Washington, DC (NAPSI) - While turning 18 is often time for a celebration, for a young man living in the United States, it also brings certain responsibilities.

For example, when a young man turns 18, he is required by law to register with the Selective Service System. It’s important to note that this applies to all maleU.S.citizens and male legal and undocumented immigrants living in theU.S.who are 18 through 25.

In general, if a male noncitizen is residing in the U.S.before his 26th birthday, he must register with the Selective Service.

Very Few Exceptions

The few noncitizens who are in theU.S.and do not have to register include those here on student or visitor visas, and men who are part of a diplomatic or trade mission and their families.

This requirement applies to dual nationals—citizens of both the U.S. and another country—as well because they are still U.S. nationals.

It is important to note that the Selective Service does not collect any information that would indicate whether or not a person is here legally and a Social Security number is not needed to register.

Possible Penalties

The penalties for failing to register can be serious and far reaching.

A man who fails to register may, if prosecuted and convicted, face a fine of up to $250,000 and/or a prison term of up to five years.

Even if not convicted in court, a man who fails to register with Selective Service before turning age 26 may find that some doors are closed to him forever.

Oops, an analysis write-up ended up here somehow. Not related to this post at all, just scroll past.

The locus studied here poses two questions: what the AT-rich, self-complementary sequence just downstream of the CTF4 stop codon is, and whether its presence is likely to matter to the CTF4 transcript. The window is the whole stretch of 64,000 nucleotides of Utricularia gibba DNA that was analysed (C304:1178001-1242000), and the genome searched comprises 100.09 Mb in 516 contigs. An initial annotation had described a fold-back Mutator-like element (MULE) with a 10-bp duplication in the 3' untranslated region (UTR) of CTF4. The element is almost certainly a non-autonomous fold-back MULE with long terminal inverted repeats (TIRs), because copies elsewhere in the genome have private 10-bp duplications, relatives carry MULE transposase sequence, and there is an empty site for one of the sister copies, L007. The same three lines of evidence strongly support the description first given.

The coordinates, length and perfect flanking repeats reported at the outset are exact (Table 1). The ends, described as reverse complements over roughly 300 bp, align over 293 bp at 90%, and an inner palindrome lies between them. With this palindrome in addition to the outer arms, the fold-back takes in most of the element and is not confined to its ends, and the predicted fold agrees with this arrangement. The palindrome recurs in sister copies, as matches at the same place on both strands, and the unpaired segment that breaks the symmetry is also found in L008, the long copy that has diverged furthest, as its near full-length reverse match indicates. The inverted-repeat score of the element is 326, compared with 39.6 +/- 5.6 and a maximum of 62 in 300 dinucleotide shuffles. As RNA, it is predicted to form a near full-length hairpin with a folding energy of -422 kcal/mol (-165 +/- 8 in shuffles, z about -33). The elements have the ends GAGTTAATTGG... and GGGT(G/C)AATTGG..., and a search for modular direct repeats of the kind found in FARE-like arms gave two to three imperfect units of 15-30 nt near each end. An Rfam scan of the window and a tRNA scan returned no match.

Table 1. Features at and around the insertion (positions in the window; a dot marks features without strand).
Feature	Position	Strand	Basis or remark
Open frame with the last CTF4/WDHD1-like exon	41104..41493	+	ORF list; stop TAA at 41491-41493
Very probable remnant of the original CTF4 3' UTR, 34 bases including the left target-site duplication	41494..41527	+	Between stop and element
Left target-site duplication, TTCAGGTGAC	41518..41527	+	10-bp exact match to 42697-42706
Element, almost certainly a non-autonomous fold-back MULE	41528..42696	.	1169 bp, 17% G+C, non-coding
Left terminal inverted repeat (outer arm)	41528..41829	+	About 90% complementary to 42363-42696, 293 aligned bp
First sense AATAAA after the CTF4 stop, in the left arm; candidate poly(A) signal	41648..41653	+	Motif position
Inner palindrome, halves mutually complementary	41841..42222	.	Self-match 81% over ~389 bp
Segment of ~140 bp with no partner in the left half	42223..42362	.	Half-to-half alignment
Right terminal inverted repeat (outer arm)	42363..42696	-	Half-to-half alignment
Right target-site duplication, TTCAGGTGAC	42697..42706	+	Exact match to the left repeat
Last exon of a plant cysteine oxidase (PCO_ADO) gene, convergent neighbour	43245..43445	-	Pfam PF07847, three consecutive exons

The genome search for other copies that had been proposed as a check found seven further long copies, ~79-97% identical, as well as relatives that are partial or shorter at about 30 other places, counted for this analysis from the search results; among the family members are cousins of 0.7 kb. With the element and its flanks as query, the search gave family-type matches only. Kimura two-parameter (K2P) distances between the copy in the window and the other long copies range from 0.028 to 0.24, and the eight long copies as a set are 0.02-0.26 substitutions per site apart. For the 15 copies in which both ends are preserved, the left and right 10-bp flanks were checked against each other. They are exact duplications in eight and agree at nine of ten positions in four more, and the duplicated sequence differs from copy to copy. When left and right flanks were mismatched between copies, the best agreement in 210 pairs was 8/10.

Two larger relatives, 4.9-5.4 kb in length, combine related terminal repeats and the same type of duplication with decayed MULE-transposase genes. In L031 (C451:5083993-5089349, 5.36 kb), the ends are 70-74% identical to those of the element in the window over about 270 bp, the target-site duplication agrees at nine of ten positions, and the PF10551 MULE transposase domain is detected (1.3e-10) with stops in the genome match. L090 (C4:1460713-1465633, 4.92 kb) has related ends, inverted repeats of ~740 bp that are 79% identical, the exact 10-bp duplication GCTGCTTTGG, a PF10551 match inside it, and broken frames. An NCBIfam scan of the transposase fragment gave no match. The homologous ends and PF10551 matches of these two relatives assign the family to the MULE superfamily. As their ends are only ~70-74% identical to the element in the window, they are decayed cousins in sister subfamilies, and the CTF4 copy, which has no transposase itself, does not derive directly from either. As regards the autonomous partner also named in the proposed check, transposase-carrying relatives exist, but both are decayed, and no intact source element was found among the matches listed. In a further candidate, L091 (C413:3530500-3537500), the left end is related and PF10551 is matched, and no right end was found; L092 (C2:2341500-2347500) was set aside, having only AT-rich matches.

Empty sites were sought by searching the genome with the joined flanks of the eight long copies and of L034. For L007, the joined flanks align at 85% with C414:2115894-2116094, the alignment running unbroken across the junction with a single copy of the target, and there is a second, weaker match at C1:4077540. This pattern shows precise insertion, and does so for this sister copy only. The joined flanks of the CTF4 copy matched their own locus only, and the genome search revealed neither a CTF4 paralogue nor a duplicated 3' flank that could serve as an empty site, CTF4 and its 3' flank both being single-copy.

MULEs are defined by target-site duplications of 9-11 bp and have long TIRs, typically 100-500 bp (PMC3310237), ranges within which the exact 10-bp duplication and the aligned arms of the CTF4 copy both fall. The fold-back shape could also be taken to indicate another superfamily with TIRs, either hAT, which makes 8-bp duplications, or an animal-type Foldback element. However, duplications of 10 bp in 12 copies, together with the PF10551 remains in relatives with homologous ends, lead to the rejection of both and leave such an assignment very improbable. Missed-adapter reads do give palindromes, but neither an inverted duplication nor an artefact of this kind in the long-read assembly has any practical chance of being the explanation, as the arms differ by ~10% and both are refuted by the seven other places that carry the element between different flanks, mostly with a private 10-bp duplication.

For instance:

• Those who should register and don’t are excluded from federal student loan or grant programs, including Pell Grants, College Work-Study, Guaranteed Student/PLUS Loans and National Direct Student Loans.

• Those who want to become citizens are required to register with the Selective Service if they first arrived in the U.S.before their 26th birthday.

• The Workforce Investment Act, which is the federal job training act, is only open to those men who register with Selective Service.

• A man must be registered to be eligible for jobs in the executive branch of the federal government and the U.S. Postal Service.

• Some states require proof of registration to get a driver’s license.

Registration is easy. Go to any U.S.post office and pick up a Selective Service registration card or register online at www.sss.gov.

For additional questions, call (888) 655-1825 toll free.